Western British Columbia will be the best place in Canada to view a rare annular solar eclipse set to happen Saturday, but cloudy skies could obscure the phenomenon for many viewers.
An annular solar eclipse occurs when the moon passes between the Earth and sun, and because it happens when the sun is at its farthest point from Earth, viewers are treated to a bright halo surrounding the black blot of the moon.
Areas of North America that will see the total eclipse and fiery ring include a path from Oregon to Texas, but a statement from the University of British Columbia says Metro Vancouver residents will be able to see nearly 75 per cent of the eclipse beginning at 8:08 a.m. Pacific time.
The statement says the event will peak 72 minutes later when just a small sliver of the sun will be visible and the eclipse will end at about 10:38 a.m.
In part because of the potential for serious eye damage from looking directly at the sun, the University of British Columbia and Surrey-based Kwantlen Polytechnic University are holding viewing events and offering telescopes and special glasses so amateur astronomers can safely watch the eclipse.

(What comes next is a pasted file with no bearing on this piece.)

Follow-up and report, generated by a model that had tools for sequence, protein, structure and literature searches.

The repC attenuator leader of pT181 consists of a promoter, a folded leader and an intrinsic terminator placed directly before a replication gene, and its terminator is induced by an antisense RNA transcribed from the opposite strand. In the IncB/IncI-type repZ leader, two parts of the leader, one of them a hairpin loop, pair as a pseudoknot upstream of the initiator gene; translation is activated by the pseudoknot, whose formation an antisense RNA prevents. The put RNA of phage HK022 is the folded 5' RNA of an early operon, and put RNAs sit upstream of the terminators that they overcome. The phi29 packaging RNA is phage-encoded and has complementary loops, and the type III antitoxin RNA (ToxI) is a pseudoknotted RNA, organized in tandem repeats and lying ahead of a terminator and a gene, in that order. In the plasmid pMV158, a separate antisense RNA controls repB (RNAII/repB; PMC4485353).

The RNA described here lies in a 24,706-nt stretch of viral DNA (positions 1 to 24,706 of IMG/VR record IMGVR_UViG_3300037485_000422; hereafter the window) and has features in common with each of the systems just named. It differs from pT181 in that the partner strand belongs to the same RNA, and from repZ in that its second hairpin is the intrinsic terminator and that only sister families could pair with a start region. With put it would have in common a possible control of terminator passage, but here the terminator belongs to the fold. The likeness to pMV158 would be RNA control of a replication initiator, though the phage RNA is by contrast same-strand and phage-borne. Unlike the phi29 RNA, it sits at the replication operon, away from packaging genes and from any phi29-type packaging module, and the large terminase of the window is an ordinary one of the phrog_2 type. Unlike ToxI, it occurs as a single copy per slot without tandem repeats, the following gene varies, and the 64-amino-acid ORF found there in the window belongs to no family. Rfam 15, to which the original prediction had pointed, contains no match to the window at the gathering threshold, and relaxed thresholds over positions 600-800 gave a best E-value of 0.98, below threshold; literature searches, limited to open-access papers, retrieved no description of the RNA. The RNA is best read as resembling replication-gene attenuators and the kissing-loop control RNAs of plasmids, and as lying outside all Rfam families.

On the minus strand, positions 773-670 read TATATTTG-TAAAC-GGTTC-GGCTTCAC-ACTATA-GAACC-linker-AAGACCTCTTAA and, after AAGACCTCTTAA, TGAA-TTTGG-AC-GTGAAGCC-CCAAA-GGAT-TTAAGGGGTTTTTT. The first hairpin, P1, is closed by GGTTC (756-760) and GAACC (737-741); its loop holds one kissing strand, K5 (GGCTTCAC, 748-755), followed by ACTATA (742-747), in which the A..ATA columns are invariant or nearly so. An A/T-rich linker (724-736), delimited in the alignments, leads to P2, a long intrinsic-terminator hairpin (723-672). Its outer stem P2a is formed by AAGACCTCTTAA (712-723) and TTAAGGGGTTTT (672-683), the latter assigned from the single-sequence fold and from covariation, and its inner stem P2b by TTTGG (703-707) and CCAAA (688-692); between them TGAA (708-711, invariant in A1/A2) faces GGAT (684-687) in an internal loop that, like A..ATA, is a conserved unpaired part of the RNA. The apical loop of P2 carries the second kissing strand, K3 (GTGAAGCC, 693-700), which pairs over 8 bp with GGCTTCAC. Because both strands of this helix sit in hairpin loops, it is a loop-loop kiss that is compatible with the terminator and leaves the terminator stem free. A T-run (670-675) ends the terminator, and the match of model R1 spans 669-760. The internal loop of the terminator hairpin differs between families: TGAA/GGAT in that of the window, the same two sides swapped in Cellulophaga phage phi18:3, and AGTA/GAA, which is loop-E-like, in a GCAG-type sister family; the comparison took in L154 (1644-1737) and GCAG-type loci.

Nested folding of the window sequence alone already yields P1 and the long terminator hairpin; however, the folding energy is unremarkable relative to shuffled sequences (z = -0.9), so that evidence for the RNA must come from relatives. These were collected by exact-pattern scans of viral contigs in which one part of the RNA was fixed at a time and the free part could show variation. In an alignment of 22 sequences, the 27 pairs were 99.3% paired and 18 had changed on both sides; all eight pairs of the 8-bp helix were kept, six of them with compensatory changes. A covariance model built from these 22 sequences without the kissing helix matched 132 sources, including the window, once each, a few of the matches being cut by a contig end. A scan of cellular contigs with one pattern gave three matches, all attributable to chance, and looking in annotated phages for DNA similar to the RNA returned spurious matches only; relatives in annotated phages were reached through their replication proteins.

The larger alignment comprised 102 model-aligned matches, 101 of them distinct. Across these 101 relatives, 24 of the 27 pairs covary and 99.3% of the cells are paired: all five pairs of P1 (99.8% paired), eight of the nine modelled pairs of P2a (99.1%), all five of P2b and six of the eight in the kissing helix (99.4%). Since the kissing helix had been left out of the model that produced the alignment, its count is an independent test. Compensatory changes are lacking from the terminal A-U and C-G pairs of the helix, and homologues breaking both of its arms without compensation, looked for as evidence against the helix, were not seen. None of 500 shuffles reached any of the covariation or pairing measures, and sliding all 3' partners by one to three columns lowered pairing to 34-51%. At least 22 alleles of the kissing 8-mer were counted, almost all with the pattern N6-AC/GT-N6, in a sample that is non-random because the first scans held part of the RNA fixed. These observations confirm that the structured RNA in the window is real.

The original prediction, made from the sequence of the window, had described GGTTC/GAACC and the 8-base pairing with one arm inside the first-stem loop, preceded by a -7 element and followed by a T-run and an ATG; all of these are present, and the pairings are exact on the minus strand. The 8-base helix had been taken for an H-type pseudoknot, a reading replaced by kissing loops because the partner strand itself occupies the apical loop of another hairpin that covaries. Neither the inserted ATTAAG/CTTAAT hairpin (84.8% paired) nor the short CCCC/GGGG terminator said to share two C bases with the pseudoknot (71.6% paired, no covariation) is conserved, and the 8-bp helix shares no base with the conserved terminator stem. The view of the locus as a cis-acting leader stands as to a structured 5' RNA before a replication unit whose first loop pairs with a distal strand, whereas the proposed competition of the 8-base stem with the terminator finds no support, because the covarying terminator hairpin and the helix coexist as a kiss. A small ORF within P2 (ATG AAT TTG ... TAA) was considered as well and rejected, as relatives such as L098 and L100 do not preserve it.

But bad weather could complicate those plans, with Environment Canada calling for clouds and showers for much of the south coast on Saturday.
UBC will cancel its viewing party if clouds move in, but Kwantlen says its event will continue indoors with a livestream, although scientists at both universities are hoping for a break in the weather.
“A partial solar eclipse is one of nature’s great shows, and it’s free,” UBC physics and astronomy professor Douglas Scott says in the statement.
Laura Flinn, a physics instructor at Kwantlen Polytechnic, says the eclipse is an excellent way to spark a child’s interest in astronomy.
“This is an event that a large section of North America will be able to see,” Flinn says in a statement from KPU. “It’s a significant astronomical phenomenon that will give children a sense of how big the universe is.”
The last partial eclipse was visible across Metro Vancouver in August 2017, and Flinn says between two and five eclipses occur around the world each year, but only those along the path of an eclipse are able to see it.
The next complete annular eclipse over southern British Columbia won’t happen until Aug. 4, 2111, says Flinn.
Central and Eastern Canada won’t have long to wait for their peak at a solar eclipse.
The next one will happen on April 8, 2024, and will be viewable over parts of Ontario, Quebec, New Brunswick, Prince Edward Island and Newfoundland and Labrador.